• Horizontal Symmetry – This occurs when a line passes through the scene from left to right, dividing the scene into equal halves.
  • Vertical Symmetry – If the line passes through the scene from top to bottom, dividing the pattern into identical halves, then this creates a vertical line of symmetry.
  • Radial Symmetry – This is where the sides exhibit around a central point. For example, many flowers are radially symmetric with, roughly, identical floral structures.
  • Reflective Symmetry – A favourite with landscape photographers, Reflective Symmetry, as the word suggests, is all about reflections.

Now you know the different forms of symmetry, the next question is ‘where can you find it?’ and the answer is actually everywhere, you just have to look for it! In architecture, for example, a simple tile floor may have a repetitive pattern while modern buildings have lines and details which can easily be broken down into simple symmetrical shapes. In nature, tree lines work well as do close-up shots of flower heads and mountains reflected in lakes.

 

Reflections in the landscape

 

When you start looking for patterns and symmetry, they’re compositional tools that are, actually, really easy to find and when used right, you can create very visually powerful, as well as interesting, images that are balanced, harmonious and more importantly, lovely to look at. 

How have you used Symmetry in your photos? Let us know in the comments below or upload your photos to our Gallery

 

Support this site by making a Donation, purchasing Plus Membership, or shopping with one of our affiliates:
Amazon UK,
Amazon US,
Amazon CA,
ebay UK,
WEX

It doesn’t cost you anything extra when you use these links, but it does support the site, helping keep ePHOTOzine free to use, thank you.

Source link

Posted on Leave a comment

8 Tips On Using Your Tripod Safely On Rugged Terrain

8 Tips On Using Your Tripod Safely On Rugged Terrain

When using a tripod on terrain that is rocky, uneven, or hilly, there are a few things that you can do to make sure your tripod is as stable as it can be. Some of these tips may seem like common sense, but they will hopefully help prevent any accidents such as your camera taking a plunge in a river!

 

Iceland

Photo by David Clapp

 

1. Weight And Load

Before you venture out make sure you’re using a tripod that can support the weight of your gear. Also, if you’re buying a new tripod and are planning on getting larger heavier lenses in the future do take this into consideration when making your purchase. Look for a light tripod rated for the highest weight as you’ll soon notice the weight of your tripod once you’re half way up a wet, uneven hillside. 

 

2. Assess Your Environment

It’s always better to be safe than sorry, so make sure that the area is stable enough to stand your tripod on before setting up. If you’re working on very rocky terrain or near the edge of a big drop, make sure the tripod is not liable to slip.

It can also take a while to set your tripod up so it’s always a good idea to find your location and have some ideas about composition before putting your camera on its support. 

 

3. Legs Before Column

When setting up, extend the legs before extending the centre column. Extending just the centre column is one quick operation and you are ready to shoot, but it is not good technique and can leave you with an unstable base to work with.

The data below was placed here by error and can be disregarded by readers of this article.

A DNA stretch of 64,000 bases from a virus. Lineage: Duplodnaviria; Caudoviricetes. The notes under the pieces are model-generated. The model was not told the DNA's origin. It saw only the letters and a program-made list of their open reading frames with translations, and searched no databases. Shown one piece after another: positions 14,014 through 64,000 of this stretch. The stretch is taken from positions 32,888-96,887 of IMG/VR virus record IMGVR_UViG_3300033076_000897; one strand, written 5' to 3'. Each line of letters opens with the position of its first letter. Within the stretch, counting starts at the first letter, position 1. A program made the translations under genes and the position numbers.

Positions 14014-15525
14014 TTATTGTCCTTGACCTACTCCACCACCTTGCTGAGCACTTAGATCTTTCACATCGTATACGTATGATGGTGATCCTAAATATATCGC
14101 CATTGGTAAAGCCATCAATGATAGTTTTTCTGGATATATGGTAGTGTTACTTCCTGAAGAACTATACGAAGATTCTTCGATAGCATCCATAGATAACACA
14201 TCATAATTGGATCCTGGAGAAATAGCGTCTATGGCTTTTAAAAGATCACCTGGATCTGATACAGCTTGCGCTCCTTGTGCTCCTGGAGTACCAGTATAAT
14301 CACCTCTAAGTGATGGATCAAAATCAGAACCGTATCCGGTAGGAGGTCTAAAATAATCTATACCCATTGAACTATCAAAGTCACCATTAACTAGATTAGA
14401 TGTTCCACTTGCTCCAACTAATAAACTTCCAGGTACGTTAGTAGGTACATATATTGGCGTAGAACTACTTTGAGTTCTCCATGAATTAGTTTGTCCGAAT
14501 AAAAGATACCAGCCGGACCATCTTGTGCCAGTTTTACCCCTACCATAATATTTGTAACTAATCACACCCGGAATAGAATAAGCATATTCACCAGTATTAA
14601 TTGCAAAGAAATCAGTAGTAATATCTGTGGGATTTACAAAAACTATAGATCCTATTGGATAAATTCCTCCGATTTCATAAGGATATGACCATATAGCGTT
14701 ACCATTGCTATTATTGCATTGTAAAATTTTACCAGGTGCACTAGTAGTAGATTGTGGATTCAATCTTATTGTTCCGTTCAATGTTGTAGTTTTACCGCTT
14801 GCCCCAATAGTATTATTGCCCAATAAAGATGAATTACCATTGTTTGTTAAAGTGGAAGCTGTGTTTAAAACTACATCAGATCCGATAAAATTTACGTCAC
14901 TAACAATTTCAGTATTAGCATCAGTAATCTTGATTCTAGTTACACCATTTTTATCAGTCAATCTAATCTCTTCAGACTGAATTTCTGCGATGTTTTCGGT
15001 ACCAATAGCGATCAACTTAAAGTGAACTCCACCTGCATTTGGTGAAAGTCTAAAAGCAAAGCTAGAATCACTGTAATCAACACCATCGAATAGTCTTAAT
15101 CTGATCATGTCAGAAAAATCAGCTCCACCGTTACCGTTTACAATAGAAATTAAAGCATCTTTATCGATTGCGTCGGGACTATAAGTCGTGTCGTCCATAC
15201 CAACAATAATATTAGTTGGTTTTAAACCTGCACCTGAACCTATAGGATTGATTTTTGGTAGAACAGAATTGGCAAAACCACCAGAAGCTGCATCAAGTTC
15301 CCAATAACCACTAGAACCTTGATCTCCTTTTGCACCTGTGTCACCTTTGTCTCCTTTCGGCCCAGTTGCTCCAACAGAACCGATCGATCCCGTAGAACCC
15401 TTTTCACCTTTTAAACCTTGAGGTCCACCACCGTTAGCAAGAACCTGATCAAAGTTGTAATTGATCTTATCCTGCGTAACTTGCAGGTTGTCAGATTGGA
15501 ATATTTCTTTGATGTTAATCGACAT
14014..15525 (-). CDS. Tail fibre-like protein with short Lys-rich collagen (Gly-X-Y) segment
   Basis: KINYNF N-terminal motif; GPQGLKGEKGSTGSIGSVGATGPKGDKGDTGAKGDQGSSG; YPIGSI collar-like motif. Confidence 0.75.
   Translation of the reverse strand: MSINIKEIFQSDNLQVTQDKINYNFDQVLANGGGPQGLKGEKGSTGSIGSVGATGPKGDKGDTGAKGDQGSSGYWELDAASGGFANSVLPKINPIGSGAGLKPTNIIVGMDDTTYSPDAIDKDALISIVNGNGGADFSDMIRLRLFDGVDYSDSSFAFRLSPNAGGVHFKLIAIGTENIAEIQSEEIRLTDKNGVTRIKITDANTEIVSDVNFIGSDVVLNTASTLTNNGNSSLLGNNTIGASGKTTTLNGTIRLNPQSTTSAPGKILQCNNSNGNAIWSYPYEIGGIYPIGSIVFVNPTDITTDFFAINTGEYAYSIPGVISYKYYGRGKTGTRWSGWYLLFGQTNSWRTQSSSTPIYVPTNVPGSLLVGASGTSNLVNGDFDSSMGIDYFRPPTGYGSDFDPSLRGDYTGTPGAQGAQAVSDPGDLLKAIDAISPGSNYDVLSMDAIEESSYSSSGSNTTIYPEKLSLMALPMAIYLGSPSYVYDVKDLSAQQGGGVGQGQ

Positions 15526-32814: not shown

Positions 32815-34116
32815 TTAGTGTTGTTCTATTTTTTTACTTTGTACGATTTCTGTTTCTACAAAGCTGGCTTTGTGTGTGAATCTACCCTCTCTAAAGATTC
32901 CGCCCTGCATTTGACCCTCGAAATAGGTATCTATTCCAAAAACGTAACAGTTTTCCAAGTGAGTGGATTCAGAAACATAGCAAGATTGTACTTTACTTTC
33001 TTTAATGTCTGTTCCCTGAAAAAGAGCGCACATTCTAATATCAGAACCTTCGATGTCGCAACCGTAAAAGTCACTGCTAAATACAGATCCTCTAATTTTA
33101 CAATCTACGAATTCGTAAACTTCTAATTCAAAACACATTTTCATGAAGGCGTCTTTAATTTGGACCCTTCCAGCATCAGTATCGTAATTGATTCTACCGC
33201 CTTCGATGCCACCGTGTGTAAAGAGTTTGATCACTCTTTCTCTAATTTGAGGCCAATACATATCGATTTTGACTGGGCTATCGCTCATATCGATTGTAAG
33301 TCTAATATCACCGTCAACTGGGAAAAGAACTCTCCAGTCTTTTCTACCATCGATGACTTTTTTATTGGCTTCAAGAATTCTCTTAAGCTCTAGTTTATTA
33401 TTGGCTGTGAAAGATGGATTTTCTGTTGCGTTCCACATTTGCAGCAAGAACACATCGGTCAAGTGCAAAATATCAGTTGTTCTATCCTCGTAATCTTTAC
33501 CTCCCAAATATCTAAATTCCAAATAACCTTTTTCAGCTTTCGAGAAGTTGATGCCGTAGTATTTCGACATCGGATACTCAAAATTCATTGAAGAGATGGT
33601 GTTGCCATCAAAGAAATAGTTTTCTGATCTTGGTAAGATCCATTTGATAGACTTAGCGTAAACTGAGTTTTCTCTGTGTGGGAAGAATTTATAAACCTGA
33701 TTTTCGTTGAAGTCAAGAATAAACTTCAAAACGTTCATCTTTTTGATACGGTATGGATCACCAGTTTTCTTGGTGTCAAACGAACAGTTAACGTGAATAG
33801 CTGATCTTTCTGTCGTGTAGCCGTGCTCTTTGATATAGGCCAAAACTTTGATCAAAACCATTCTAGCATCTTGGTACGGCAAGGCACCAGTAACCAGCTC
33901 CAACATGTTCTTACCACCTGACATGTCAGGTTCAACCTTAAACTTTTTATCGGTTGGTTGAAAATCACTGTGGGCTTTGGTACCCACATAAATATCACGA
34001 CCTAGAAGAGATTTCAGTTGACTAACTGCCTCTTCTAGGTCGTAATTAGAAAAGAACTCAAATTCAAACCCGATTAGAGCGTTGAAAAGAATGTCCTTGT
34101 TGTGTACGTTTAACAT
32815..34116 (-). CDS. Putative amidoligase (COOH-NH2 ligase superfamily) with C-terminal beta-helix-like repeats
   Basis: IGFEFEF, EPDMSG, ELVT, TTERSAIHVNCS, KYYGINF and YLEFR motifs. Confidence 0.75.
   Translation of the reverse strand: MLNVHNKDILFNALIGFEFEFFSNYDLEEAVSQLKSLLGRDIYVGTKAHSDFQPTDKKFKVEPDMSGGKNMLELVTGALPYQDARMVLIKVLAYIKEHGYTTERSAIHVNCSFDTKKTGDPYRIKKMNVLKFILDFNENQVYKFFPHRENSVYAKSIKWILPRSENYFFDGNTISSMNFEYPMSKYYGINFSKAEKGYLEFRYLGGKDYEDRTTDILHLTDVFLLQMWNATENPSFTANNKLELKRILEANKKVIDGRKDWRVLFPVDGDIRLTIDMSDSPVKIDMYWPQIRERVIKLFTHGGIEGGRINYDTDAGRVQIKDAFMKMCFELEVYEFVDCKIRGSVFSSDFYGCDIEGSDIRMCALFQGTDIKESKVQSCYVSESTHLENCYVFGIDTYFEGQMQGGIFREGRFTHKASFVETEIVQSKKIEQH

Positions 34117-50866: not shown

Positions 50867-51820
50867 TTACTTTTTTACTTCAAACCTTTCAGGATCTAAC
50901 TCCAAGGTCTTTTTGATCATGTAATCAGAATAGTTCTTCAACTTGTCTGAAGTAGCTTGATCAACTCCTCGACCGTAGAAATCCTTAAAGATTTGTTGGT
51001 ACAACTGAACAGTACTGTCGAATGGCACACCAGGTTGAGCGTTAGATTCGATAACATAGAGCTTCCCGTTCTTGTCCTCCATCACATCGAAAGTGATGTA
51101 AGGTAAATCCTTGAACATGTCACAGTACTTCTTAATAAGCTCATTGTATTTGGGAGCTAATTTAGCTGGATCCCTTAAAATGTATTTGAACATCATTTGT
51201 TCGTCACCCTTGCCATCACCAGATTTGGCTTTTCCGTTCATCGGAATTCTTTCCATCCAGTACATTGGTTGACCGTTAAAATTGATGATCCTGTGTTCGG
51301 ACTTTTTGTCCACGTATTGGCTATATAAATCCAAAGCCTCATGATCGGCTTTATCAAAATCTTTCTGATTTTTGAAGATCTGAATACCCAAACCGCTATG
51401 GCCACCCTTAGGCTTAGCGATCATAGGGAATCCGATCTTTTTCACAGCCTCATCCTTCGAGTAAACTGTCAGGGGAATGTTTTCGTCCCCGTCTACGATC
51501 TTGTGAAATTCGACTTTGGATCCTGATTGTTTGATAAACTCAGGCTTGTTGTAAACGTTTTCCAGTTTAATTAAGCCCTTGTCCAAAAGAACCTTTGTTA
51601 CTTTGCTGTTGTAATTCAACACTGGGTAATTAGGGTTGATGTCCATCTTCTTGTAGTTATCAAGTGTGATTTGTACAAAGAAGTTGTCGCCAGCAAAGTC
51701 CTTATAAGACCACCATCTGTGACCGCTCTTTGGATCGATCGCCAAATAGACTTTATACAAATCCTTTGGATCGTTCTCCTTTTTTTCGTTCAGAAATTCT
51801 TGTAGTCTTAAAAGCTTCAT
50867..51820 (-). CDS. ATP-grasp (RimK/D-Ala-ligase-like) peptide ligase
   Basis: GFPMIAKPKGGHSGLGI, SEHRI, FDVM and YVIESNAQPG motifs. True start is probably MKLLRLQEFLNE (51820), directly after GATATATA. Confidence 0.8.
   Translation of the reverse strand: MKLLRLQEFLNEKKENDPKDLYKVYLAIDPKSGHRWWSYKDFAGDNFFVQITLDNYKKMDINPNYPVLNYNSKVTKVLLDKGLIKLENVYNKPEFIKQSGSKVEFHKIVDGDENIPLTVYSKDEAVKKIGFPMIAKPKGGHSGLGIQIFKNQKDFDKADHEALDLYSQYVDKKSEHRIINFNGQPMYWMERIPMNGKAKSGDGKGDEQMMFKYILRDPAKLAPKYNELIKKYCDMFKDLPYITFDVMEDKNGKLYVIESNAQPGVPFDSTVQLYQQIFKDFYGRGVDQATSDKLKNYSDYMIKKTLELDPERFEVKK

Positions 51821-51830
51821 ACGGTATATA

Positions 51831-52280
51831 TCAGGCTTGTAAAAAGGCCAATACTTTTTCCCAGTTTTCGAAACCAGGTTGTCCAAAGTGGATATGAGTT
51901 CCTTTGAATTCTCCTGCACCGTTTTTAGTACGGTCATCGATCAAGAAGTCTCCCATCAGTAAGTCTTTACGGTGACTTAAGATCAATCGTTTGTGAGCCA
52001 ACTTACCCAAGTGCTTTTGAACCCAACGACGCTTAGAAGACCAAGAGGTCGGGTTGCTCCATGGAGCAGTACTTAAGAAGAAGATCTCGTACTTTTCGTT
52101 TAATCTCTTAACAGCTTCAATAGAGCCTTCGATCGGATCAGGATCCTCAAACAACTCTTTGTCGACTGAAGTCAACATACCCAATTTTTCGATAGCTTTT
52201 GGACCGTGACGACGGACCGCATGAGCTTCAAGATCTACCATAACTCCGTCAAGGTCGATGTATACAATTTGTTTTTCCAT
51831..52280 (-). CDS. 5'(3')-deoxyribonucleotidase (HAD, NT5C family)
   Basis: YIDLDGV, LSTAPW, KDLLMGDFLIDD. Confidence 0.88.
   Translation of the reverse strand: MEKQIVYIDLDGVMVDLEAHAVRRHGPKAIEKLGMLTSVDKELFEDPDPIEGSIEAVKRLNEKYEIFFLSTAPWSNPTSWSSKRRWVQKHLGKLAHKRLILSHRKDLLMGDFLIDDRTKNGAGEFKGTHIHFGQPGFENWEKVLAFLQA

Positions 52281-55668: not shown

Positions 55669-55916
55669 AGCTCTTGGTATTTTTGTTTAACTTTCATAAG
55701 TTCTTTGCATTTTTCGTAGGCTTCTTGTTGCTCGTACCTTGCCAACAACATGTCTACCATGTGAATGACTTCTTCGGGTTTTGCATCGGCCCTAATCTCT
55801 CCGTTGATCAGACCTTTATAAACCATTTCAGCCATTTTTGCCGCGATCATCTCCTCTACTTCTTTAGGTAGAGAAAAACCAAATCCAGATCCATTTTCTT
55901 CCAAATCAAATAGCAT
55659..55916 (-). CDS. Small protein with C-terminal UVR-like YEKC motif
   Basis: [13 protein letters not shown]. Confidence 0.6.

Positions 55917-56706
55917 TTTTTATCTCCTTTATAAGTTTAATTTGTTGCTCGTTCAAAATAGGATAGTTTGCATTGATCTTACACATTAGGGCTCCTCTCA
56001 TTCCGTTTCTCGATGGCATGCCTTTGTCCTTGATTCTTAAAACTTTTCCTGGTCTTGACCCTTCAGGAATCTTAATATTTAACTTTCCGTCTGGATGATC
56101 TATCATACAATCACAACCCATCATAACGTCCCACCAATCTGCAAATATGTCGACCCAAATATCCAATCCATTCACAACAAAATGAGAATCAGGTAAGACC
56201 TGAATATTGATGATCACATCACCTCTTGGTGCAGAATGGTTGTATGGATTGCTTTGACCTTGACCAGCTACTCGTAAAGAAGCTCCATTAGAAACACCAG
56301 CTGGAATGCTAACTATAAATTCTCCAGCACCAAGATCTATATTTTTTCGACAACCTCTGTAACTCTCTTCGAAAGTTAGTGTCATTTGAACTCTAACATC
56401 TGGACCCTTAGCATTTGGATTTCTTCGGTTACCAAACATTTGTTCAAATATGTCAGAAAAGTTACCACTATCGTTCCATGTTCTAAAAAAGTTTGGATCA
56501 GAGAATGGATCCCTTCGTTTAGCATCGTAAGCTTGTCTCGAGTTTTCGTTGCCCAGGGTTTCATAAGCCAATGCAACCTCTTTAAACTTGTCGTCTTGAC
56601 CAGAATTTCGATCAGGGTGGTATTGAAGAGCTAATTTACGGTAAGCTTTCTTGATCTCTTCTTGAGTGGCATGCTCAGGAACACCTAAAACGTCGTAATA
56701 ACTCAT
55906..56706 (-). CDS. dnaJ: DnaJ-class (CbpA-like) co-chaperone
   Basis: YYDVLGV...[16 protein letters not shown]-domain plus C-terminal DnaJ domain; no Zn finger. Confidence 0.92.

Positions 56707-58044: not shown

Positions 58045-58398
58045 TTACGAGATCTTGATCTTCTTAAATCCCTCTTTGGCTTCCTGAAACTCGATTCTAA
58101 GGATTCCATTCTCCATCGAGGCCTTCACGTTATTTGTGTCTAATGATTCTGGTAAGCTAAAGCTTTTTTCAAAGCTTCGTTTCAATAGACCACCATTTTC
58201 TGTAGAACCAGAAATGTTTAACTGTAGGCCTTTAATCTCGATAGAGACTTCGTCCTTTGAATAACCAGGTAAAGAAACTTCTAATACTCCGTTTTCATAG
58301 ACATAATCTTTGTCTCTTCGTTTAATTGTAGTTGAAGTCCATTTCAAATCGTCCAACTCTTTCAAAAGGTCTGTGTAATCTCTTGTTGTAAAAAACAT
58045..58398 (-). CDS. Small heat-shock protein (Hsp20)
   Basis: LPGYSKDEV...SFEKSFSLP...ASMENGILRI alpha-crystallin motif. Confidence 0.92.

4. Adjust The Legs

Extend the fattest leg section first and keep the thin, spindly legs till last for when you really need the height. Having a wider base to work with is always a wise decision as they are more stable. Many tripods now offer various angle settings that lock at different degrees.

 

5. Ensure Your Tripod Is Level

Many tripods and tripod heads have built-in spirit levels to help you keep the tripod level. If your tripod hasn’t, buy a spirit level to fit onto the camera’s accessory shoe.

 

6. Position Of Your Tripod’s Legs

Point one of the legs towards your subject so you have room for your feet between the two other legs. This will mean you have one less thing you have to worry about falling over when working on tricky terrain. 

 

7. What Feet Does Your Tripod Have?

Most tripods have rubber feet which absorb shock and offer good grip, but some do have spiked feet. Spiked feet can be bought as optional accessories or sometimes you can get both types in one. They’re particularly useful for outdoor photographers as most of the time you’ll end up working on loose soil, dirt, and other surfaces that will be uneven. 

8. Keep It Stable On Windy Days

Some tripods have a hook which you can features a centre column hook, you can hang a bag of stones or other weighty objects off it to balance the tripod. Another option is to take a heavy camera bag and wrap the strap(s) around the tripod’s head to add extra weight. For lighter tripods, use your body as a shield from the wind. Sticking spiked feet into the ground will also help keep the tripod still, they’re particularly useful when working at the coast to stop waves knocking your gear into the sea. 

Another option is to use a piece of string or some nylon webbing can add extra stability. Tie one end to the centre column and have the other tied in a loop. Next time in a strong wind, have the string / webbing hanging down and slip your shoe into it and lean down. Your body weight will give extra stability.

   

You’ve read the technique now share your related photos for the chance to win prizes: Photo Month Forum Competition  

Support this site by making a Donation, purchasing Plus Membership, or shopping with one of our affiliates:
Amazon UK,
Amazon US,
Amazon CA,
ebay UK,
WEX

It doesn’t cost you anything extra when you use these links, but it does support the site, helping keep ePHOTOzine free to use, thank you.

Source link